The winners of the first Green Power Community Challenge were announced recently by the US Environmental Protection Agency (EPA). The communities to receive this honor are Washington, DC, and Brookeville, Maryland, whose efforts to increase their use of renewable and clean energies, such as solar, wind, and biomass, surpassed others in this year-long challenge.
Washington, DC won for using the largest amount of green energy annually. Business, residential and government facilities are using a combined total of over 772 million kilowatt hours of clean energy per year, which amounts to 8% of the community’s total electrical use. Brookeville, Maryland, on the other hand, has the highest percentage of clean energy use within its total electricity use. Clean, renewable energy supplies 45% of all electricity in the community.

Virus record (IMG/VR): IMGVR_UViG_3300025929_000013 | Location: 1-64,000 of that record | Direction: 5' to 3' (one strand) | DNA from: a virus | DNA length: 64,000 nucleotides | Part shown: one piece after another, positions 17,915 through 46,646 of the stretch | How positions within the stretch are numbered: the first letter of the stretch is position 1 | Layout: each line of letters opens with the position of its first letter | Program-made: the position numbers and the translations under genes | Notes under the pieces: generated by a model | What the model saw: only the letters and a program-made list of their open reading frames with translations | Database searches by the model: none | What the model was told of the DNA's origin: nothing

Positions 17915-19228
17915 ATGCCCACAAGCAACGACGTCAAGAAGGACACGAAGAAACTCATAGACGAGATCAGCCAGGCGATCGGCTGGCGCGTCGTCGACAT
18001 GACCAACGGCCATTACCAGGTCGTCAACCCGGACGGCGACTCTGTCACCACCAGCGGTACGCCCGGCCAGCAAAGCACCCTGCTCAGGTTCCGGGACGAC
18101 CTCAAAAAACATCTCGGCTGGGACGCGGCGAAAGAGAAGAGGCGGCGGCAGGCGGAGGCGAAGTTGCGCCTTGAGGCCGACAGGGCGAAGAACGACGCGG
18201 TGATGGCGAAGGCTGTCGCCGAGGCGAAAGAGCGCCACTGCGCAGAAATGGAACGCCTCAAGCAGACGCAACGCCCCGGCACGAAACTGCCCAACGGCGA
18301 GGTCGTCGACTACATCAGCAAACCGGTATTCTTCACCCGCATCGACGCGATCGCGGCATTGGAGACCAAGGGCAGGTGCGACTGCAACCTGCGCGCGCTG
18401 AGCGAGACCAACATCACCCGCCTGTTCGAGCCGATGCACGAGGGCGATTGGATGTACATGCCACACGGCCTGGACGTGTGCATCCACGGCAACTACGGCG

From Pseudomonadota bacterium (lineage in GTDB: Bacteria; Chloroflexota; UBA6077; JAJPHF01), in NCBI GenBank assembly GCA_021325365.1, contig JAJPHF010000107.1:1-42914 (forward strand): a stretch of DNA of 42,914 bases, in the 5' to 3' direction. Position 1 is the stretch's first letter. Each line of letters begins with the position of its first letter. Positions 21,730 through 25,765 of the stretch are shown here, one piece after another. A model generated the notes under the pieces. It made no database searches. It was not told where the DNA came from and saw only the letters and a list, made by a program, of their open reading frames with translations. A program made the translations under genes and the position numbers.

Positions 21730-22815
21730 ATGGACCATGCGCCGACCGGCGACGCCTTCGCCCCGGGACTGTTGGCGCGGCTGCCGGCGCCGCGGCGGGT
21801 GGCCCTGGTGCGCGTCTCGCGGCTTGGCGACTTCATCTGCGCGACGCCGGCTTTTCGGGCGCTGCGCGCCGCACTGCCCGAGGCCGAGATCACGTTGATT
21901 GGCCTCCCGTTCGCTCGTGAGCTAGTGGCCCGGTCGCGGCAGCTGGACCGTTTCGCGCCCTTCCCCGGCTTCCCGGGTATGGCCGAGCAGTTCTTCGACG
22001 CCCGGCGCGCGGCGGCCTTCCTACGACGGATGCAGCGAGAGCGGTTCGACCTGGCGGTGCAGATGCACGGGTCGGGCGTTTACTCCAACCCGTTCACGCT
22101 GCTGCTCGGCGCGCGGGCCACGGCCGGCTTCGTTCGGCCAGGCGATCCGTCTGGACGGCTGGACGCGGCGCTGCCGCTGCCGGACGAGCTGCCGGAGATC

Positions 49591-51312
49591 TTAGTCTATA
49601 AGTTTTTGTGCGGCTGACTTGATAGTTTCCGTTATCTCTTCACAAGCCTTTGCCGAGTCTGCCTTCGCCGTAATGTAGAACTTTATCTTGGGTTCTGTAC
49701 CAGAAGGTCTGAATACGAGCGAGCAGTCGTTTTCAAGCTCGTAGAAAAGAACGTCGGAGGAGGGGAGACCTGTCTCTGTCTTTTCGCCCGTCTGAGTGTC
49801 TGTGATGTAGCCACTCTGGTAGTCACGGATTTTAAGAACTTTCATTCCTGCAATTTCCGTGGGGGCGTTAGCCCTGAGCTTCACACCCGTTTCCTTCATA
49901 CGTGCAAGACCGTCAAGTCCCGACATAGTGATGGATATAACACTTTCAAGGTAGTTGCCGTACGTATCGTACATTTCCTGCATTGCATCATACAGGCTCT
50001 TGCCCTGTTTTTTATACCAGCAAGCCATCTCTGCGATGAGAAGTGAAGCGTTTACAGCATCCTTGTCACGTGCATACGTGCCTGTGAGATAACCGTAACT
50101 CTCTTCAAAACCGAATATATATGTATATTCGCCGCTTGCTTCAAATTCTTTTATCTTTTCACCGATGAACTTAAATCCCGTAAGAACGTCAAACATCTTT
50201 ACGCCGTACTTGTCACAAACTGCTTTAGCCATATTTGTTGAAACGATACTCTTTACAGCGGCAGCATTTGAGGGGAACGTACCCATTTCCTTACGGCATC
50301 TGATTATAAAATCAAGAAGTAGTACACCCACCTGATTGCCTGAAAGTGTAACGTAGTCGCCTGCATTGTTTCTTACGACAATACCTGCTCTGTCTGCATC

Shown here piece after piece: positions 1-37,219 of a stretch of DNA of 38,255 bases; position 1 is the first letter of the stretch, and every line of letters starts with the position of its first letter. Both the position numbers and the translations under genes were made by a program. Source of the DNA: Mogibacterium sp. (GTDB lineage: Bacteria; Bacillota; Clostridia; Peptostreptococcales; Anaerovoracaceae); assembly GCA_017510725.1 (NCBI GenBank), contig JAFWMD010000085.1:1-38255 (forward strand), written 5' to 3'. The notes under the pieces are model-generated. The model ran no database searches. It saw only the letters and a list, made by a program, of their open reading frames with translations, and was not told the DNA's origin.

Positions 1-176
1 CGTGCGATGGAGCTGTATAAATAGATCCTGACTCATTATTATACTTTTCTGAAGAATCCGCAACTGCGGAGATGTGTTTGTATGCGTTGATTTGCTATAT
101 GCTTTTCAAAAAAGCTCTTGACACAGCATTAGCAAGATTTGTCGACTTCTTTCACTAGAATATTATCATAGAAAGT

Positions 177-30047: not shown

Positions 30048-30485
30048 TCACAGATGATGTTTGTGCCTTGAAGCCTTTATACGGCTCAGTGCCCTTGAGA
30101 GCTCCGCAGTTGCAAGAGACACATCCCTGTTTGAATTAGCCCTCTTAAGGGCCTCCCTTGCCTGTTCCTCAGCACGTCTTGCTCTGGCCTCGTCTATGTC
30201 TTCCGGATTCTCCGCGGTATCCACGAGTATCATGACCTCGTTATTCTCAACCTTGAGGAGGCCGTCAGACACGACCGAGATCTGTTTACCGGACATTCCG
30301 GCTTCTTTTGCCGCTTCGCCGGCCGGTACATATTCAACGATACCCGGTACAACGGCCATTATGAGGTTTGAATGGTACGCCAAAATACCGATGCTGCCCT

The Green Power Community Challenge began last September, and the ultimate goal was for all of the participating communities, through some friendly competition, to boost clean energy usage to 1.8 billion kilowatt hours annually. A year later, the communities, which come from 14 states, far surpassed this goal, and are using 3.3 billion kilowatt hours of clean energy per year, which is the equivalent of cutting carbon emissions from 284,000 homes.
“The Green Power Community Challenge proved that any community, no matter its size, can harness the collective power of its businesses and residents to achieve real environmental results,” said EPA Assistant Administrator Gina McCarthy. “By switching to renewable energy, EPA’s Green Power Communities are investing in a more secure, healthy, and prosperous future.”